3. ^ Remarkable Old Kingdom Lenses and the Illusion of the Following Eye
  4. ^ King 2003, p.  25
  5. ^ King 2003, p.  26
  6. ^ Rashed, Roshdi (September 1990). "A Pioneer in Anaclastics: Ibn Sahl on Burning Mirrors and Lenses". Isis. 81 (3): 464–491. doi: 10.1086/355456. JSTOR  233423. S2CID  144361526.
  7. ^ Elizabeth, Hazel. "902AD Manuscript Located". Tareq Rajab Museum, Kuwait. Retrieved 2007-10-10.
  8. ^ For extensive references, see the Book of Optics article.
  9. ^ Kriss, Timothy C.; Kriss, Vesna Martich (April 1998). "History of the Operating Microscope: From Magnifying Glass to Microneurosurgery". Neurosurgery. 42 (4): 899–907. doi: 10.1097/00006123-199804000-00116. PMID  9574655.
  10. ^ "De iride". Archived from the original on 2007-06-27. Retrieved 2007-03-28.
  11. ^ For references, see the Witelo article.
  12. ^ King 2003
  13. ^ "Did the reflecting telescope have English origins?". 2002. Retrieved 2007-03-15.
  14. ^ Ronan, Colin A. M.Sc. F.R.A.S. (1991). "Leonard and Thomas Digges". Journal of the British Astronomical Association. British Astronomical Association. 101 (6).
  15. ^ Fred Watson (2006). Stargazer: The Life and Times of the Telescope. Da Capo Press. p. 38. ISBN  978-0-306-81483-9.
  16. ^ Hasan, Ahmad Yusuf al- (1987). Taqi l-din wa-l-handasa al-mikanikiyya al-'arabiyya: ma'a Kitab al-Turuq al-saniyya fi l-alat al-ruhaniyya min al-qarn al-sadis 'asar (in Arabic). Ma`had al-Turat al-`Ilmi al-`Arabi.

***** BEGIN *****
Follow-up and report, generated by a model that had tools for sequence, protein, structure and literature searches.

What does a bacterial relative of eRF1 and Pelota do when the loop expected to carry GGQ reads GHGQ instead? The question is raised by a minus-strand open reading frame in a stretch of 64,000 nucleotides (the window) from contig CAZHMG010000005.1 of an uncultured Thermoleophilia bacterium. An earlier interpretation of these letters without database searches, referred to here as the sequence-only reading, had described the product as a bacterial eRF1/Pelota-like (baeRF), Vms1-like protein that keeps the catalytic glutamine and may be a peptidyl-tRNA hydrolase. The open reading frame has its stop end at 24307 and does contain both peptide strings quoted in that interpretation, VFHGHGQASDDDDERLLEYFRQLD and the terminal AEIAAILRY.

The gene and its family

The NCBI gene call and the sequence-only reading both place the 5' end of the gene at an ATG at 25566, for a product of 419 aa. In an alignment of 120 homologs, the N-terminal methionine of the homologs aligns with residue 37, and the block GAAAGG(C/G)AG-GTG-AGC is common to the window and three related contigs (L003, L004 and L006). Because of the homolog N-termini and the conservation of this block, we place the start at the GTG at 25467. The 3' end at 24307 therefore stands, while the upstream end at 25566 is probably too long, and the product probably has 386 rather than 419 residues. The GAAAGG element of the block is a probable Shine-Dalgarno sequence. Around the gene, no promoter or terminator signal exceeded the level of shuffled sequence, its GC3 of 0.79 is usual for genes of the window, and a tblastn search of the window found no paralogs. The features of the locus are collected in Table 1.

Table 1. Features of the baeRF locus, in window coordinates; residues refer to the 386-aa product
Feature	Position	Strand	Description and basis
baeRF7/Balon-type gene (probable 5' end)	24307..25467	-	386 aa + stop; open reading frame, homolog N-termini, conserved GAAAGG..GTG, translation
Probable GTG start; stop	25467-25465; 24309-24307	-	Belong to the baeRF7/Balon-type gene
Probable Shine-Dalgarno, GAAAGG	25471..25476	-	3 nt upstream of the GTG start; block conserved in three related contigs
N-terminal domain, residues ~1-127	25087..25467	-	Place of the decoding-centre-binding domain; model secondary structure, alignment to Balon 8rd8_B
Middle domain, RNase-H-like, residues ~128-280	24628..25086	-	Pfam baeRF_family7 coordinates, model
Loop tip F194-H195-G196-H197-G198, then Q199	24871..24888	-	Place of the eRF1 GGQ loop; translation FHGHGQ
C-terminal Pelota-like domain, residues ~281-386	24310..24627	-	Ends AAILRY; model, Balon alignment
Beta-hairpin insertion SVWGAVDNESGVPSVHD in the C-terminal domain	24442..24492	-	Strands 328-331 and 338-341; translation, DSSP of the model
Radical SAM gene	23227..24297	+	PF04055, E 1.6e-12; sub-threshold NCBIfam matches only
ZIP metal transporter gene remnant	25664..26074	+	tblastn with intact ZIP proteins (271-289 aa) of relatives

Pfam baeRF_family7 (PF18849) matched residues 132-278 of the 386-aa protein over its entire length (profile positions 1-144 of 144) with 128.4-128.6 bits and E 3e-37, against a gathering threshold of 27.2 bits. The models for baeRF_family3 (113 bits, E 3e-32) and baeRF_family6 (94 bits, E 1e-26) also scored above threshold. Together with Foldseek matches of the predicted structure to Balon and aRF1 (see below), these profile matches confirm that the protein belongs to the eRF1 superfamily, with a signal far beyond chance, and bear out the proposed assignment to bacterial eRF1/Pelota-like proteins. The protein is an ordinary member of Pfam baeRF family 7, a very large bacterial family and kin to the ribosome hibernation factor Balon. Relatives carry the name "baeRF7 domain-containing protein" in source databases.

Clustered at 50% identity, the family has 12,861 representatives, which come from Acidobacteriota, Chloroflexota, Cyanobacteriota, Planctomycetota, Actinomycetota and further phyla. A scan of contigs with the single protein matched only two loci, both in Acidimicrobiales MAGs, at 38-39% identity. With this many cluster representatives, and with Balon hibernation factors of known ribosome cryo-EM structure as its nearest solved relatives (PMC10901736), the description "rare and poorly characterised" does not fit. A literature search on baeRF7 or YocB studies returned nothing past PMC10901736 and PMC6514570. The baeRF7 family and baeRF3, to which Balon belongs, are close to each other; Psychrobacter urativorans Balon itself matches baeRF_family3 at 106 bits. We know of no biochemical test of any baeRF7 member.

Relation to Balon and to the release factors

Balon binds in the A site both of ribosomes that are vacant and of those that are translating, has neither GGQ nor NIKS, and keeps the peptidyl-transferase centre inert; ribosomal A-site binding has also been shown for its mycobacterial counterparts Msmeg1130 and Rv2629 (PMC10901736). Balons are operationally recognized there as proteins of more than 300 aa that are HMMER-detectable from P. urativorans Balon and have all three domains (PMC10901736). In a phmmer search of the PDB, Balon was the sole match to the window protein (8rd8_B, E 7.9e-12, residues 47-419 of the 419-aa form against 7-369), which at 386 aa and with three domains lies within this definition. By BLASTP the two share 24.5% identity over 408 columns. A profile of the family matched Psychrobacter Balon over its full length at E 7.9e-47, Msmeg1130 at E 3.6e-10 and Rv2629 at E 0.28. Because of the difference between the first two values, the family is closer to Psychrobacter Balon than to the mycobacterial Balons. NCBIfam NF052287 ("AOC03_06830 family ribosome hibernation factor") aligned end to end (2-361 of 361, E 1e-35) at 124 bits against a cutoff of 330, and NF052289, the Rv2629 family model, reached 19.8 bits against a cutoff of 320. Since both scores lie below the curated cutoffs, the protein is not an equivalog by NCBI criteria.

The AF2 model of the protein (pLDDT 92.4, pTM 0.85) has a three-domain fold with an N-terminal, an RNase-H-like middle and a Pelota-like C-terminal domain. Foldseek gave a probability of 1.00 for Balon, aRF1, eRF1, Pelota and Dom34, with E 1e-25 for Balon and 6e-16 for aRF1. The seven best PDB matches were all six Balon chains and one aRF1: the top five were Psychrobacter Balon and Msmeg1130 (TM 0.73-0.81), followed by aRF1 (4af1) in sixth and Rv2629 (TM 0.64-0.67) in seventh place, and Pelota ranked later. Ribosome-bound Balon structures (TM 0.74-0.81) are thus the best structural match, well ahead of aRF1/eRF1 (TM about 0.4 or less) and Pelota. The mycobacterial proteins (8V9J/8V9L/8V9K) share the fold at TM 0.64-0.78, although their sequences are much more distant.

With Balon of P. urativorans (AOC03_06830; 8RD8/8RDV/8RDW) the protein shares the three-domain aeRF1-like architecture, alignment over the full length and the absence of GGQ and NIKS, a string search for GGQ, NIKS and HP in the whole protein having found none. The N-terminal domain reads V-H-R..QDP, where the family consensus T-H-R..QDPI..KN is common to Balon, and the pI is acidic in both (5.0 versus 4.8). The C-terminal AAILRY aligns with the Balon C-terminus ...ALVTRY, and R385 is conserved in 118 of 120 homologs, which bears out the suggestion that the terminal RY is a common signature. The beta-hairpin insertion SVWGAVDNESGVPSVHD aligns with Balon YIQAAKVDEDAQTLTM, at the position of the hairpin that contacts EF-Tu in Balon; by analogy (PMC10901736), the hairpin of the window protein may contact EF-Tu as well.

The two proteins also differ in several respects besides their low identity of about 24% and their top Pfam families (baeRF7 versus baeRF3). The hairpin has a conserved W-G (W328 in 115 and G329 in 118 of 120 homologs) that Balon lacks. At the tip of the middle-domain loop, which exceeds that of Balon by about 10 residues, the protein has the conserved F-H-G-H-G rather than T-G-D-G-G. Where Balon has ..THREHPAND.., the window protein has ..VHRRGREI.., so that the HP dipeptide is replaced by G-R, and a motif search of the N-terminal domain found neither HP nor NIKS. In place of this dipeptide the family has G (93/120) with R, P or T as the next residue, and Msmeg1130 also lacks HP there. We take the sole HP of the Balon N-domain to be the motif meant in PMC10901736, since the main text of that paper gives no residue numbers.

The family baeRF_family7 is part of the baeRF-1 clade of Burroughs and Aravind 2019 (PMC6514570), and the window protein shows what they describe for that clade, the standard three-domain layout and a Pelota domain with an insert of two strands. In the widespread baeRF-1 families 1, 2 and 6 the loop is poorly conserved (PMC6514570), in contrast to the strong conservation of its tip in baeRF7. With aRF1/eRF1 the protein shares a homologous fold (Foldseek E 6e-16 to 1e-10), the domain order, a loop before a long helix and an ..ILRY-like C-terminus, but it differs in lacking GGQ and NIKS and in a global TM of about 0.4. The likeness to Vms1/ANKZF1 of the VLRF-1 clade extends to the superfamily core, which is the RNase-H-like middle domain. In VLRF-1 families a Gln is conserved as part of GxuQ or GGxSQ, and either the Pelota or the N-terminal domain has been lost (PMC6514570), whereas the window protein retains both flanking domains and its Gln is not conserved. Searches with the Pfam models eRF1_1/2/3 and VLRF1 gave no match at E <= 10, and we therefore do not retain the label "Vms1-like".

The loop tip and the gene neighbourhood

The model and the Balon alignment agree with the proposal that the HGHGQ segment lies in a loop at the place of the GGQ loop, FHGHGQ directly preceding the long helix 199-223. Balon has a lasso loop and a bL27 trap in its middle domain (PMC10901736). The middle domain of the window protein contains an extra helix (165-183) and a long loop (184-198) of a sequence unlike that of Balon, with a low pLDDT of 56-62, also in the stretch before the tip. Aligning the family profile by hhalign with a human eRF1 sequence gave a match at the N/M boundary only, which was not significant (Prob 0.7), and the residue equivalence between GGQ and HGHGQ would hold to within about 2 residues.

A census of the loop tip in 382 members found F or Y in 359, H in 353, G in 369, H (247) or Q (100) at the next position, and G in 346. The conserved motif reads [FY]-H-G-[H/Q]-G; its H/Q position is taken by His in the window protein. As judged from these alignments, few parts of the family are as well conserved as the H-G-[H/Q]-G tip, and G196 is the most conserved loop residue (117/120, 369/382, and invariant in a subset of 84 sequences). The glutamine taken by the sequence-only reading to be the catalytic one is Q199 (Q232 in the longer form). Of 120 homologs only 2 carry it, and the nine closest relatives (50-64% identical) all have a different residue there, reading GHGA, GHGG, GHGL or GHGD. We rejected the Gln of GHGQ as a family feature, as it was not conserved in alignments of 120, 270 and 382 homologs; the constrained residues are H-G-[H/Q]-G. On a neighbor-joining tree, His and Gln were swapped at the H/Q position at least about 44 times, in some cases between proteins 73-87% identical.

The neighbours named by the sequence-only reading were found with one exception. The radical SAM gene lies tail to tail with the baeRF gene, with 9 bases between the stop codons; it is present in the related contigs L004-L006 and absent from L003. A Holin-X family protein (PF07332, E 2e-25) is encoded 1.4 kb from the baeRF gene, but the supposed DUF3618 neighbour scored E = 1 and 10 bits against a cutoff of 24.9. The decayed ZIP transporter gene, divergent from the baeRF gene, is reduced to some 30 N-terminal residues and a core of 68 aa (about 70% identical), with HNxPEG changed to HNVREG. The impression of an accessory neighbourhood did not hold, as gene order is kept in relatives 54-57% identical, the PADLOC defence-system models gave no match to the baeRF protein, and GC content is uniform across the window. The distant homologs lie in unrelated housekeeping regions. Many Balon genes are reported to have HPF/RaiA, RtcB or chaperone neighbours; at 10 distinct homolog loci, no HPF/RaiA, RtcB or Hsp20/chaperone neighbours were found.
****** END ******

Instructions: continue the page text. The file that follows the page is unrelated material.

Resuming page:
17. ^ Bologna University Department of Astronomy — TELESCOPES
  18. ^ Rebecca Stefoff (2007). Microscopes and Telescopes. Marshall Cavendish. p. 17. ISBN  978-0-7614-2230-3.
  19. ^ David Whitehouse (2009). Renaissance Genius : Galileo Galilei & H. Sterling Publishing Company, Inc. pp.  69–70. ISBN  978-1-4027-6977-1.
  20. ^ "Galileo His Life And Work" BY J. J. FAHIE "Galileo usually called the telescope occhicde or cannocchiale ; and now he calls the microscope occhialino. The name telescope was first suggested by Demisiani in 1612"
  21. ^ Sobel (2000, p.43), Drake (1978, p.196)
  22. ^ Rosen, Edward, The Naming of the Telescope (1947)
  23. ^ Henry C. King (1955). The History of the Telescope. p. 74. ISBN  978-0-486-43265-6. Retrieved 2013-08-01.
  24. ^ King 2003, p.  77
  25. ^ a b telescopeѲ — 8.2. Two-mirror telescopes
  26. ^ The complete Amateur Astronomer — John Hadley's Reflector
  27. ^ "Historia". Retrieved 2019-04-28.
  28. ^ "The Schmidt Camera". October 2002. Archived from the original on 2007-03-24. Retrieved 2007-03-28.
  29. ^ — New Mexico Institute of Mining and Technology — “Resurfacing the 100-inch (2,500 mm) Telescope” by George Zamora Archived 2008-10-13 at the Wayback Machine
  30. ^ "The James Webb Space Telescope". NASA.

External links